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3.2. The Transfer Equation

Under these assumptions, the relationship between the continuum and emission lines can be written in terms of the "transfer equation",

Equation 20     (20)

Here C(t) is the continuum light curve, L(Vz, t) is the emission-line flux at line-of-sight velocity Vz and time t, and Psi(Vz, tau) is the "transfer function" at Vz and time delay tau. Inspection of the transfer equation shows that the transfer function is simply the time-smeared emission-line response to a delta-function outburst in the continuum. Note that causality requires that the lower limit on the integral is tau = 0.

Solution of the transfer equation to obtain the transfer function is a classical inversion problem in theoretical physics: the transfer function is essentially the Green's function for the system. Unfortunately, it is difficult to find a stable solution to such equations, especially when the data are noisy and sparse, as they usually are in astronomical applications.

In practice, most analyses have concentrated on solving the velocity-independent (or 1-d) transfer equation,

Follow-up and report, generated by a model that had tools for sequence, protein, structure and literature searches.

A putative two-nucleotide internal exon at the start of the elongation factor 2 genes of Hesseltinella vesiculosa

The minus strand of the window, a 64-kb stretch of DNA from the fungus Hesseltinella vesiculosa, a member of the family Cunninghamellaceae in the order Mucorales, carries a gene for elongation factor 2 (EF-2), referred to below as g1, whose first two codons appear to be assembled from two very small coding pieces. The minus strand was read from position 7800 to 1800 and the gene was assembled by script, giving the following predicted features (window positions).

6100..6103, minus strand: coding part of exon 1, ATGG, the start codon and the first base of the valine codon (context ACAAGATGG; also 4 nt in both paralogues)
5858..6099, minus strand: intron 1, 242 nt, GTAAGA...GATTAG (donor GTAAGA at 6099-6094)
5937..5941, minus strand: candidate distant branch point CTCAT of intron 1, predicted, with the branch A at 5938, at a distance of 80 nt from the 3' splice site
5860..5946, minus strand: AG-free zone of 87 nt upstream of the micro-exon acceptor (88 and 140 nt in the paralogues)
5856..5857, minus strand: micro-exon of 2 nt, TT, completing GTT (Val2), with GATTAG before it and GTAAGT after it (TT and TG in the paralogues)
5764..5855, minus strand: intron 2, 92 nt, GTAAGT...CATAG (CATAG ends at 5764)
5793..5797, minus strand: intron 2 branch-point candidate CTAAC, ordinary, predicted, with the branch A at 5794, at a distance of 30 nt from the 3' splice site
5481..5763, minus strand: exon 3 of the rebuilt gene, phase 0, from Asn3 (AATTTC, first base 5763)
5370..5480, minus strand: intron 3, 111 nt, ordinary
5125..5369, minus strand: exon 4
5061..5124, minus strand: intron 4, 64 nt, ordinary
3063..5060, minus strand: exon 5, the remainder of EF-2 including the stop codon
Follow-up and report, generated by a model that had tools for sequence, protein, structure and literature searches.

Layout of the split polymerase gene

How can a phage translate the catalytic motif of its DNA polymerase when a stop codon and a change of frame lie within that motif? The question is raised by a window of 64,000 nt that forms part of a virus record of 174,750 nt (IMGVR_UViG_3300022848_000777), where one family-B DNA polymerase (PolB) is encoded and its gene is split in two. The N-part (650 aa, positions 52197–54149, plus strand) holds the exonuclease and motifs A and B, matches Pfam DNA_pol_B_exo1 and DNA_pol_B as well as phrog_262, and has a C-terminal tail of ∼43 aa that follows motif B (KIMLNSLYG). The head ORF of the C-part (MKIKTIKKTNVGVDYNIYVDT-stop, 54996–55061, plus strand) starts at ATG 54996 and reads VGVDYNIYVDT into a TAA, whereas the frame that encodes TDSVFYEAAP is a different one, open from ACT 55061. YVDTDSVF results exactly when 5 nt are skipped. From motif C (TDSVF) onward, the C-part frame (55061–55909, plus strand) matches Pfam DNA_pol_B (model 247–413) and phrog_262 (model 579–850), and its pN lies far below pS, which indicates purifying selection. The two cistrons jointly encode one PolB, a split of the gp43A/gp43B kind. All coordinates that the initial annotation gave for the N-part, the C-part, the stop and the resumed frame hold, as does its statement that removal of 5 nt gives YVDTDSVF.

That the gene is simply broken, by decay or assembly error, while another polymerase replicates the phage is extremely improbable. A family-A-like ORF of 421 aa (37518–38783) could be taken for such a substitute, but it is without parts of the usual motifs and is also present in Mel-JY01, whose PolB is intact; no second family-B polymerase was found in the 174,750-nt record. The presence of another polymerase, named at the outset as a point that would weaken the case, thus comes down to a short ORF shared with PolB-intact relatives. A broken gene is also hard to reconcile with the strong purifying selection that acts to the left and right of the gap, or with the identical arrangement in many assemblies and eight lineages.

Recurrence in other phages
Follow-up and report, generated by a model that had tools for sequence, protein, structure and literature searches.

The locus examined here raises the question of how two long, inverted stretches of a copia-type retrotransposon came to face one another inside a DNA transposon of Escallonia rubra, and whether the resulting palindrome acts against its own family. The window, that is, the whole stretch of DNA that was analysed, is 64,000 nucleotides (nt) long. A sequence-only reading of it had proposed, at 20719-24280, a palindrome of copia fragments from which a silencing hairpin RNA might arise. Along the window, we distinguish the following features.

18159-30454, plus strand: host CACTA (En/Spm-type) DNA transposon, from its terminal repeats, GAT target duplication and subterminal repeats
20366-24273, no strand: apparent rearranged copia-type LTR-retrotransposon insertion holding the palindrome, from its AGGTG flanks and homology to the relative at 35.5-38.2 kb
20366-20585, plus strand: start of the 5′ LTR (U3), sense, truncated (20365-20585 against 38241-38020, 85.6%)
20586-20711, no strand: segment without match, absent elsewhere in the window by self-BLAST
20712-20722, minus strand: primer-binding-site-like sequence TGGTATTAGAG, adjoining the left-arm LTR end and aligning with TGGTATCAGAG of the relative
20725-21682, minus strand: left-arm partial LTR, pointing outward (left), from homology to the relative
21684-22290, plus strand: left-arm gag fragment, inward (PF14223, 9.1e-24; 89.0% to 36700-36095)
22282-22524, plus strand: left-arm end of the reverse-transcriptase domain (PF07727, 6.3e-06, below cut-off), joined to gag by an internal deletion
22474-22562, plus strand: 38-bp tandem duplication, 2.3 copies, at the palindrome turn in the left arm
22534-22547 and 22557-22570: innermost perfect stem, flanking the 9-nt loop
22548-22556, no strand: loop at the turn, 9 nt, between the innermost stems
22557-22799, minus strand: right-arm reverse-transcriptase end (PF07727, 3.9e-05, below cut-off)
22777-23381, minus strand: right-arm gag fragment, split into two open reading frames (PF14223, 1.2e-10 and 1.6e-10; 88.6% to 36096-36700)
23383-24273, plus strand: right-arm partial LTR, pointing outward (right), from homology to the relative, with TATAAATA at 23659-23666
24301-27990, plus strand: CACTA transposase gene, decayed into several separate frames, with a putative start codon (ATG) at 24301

Equation 21     (21)

where both Psi(tau) and L(t) represent integrals over the emission-line width.

The transfer equation is a linear equation. In reality, however, the relationship between the observed continuum and the emission-line response is likely to be nonlinear. We therefore approximate C(t) = bar{C} + DeltaC and L(t) = bar{L} + DeltaL, where bar{C} and bar{L} represent constants, usually the mean value of the continuum and line flux, respectively. We can then treat deviations from the mean as linear perturbations and the equation we actually solve is

Equation 22     (22)

Most existing data sets are inadequate for transfer-function solution, and simpler analyses are used. The most commonly used tool in analysis of AGN variability is cross-correlation, which will be discussed in detail in Sec. 4.

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